Two friends from my current Pathfinder group have agreed to a D&D 5E game I’m starting. I usually build from scratch, but our Pathfinder DM is running the Runelords pre-made, and I find the ready-at-hand minutiae alluring — I’m usually too lazy to plumb every nook with details and loot. So: I’m going to try running my first pre-made.
We settled on Storm King’s Thunder and I completed my first read-through. It has plenty of strengths; considering picking it up for:
The map. No joke, there are 100+ points of interest. If your players ever wanted to throw darts at a map to choose their destination, here you go.
The options. At multiple points throughout the book, the path branches big-time. The DM and/or players get agency in what to pursue.
The giants. An entire book delving into the intricacies of one enemy type is fun. You get a chapter/lair on each subtype, so embrace your favorite.
That being said, there are rough spots where I see room for improvement.
Shallow Scenes, Broad World
I expected a pre-made to support its story with detailed environments and motivated characters every step of the way. Call it “zoomed in” information. And while that exists — Nightstone, the various giant’s lairs — the book stays more “zoomed out” than I expected, leaving the DM to fill in an awful lot of mundane gaps. Chapter 4 offers a whole map to explore… but only a few sentences per location. Looks like I’ll be crafting minutiae, after all.
Deus Ex Machina
Bluntly: I disliked the number of hand-wavy scene transitions where an NPC swoops in with a plot coupon.
Chapter 1 ends with a friendly cloud giant taxi that’ll drive to only the next plot point. This comes after (completely different) cloud giants attacked the exact same town. Why’d they attack? McGuffin, never mentioned again.
Chapter 4 starts whenever you introduce the guy who knows where it’s hidden…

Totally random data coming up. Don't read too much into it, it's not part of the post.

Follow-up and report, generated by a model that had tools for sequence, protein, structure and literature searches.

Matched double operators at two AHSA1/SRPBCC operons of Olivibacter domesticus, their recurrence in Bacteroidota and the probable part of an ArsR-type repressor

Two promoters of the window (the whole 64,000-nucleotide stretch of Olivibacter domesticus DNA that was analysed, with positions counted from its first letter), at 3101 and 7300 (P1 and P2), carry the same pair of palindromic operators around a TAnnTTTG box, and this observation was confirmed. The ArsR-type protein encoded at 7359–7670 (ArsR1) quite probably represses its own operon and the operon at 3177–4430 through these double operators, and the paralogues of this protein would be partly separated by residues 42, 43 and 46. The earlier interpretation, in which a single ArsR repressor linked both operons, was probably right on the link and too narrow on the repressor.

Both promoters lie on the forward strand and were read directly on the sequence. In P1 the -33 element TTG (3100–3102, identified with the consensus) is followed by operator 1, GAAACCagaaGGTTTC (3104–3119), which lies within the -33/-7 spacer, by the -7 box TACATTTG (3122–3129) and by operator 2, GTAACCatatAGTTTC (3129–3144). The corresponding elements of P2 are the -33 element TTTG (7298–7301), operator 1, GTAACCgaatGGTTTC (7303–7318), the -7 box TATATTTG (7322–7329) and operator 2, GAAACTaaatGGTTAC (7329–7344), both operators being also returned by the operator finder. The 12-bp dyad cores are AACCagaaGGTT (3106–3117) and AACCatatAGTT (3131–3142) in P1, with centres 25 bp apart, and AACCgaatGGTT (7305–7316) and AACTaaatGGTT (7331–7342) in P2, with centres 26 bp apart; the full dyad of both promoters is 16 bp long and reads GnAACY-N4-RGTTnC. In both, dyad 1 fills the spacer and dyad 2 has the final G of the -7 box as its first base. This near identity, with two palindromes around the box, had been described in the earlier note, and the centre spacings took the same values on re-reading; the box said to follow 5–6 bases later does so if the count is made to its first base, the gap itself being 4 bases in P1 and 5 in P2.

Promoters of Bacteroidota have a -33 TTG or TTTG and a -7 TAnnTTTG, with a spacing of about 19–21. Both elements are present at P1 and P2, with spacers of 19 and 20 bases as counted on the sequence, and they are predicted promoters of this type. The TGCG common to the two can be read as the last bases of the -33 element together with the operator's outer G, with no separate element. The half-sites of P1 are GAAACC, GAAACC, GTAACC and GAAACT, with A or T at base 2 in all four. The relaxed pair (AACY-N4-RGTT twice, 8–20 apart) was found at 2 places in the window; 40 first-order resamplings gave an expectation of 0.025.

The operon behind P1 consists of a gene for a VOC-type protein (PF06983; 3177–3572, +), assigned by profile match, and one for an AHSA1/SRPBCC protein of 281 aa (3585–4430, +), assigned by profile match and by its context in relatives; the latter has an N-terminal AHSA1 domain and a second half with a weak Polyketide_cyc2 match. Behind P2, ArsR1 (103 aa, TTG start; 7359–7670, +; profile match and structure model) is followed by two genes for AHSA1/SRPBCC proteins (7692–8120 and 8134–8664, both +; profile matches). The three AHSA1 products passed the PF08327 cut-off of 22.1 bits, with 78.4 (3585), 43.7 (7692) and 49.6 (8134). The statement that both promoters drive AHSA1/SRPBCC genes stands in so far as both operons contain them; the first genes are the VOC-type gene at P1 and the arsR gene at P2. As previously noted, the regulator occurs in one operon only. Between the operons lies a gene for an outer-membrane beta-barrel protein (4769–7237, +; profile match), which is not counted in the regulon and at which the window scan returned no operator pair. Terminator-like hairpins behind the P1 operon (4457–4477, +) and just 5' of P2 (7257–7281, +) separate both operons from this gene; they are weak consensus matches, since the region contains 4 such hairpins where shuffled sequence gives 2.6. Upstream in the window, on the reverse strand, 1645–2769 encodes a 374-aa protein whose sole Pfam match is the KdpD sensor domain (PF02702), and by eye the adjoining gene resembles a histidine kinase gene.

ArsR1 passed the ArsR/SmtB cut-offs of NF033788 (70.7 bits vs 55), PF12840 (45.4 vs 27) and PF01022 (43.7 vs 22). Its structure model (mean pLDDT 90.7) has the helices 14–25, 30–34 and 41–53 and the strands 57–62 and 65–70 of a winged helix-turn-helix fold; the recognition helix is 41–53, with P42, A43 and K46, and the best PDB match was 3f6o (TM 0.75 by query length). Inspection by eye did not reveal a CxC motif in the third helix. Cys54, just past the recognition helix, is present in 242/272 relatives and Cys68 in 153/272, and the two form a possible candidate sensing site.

…and ends when he drops the roof to ensure (a) the players leave and (b) they can’t bring him along.
Let’s not forget the (hostile, offscreen) dragon who sends the PCs a free plane because the map is too big.
Full-time Side Quests
SKT loves doling out quests unrelated to the main action. That’s good! But they’re often the only available hook for players to latch onto. They don’t matter in the long run, they don’t crop back up, and the room for emotional investment seems low. Shining examples of this pattern are the arrival in Nightstone, visiting chapter 2’s towns, and the vast number of lures to explore the map in chapter 3. Even the story’s main draw — delving one of the six giant’s lairs — is a means to an end, not a goal with buildup.
We Can Fix This
Now that I know the sore spots, it’s time for solutions. These will be expanded in future posts, but here’s my early approach:
I’m going to copy my Dungeon World days and intertwine the players’ backstories with the world. The Power Score prologue inspired these heavily. I emailed them to the players beforehand and let them choose who got what.
Heir: Your mother — a famed adventurer — left years ago, leaving you an heirloom ring and a burning question.
Historian: You met royal giants as a youth, learning of their language and lost relics.
Convict: You just escaped prison after years served for a heist gone wrong. The loot, your sponsor, and your partners are still in the wind.
Slayer: You roamed the frozen north with the giant Harshnag, training to hunt dragons and other beasts.
Session 0 will explore this further. Suffice to say I mined these hard to create both the short-term goals for the party, and the long-term payoffs to their arcs within the larger narrative.
No shortcuts here: we’re just going to do more prep. The book’s starting points help; we can move named NPCs between locales in a pinch. I won’t over-prep for now, as player action may stray from my plans. Here’s enough to start: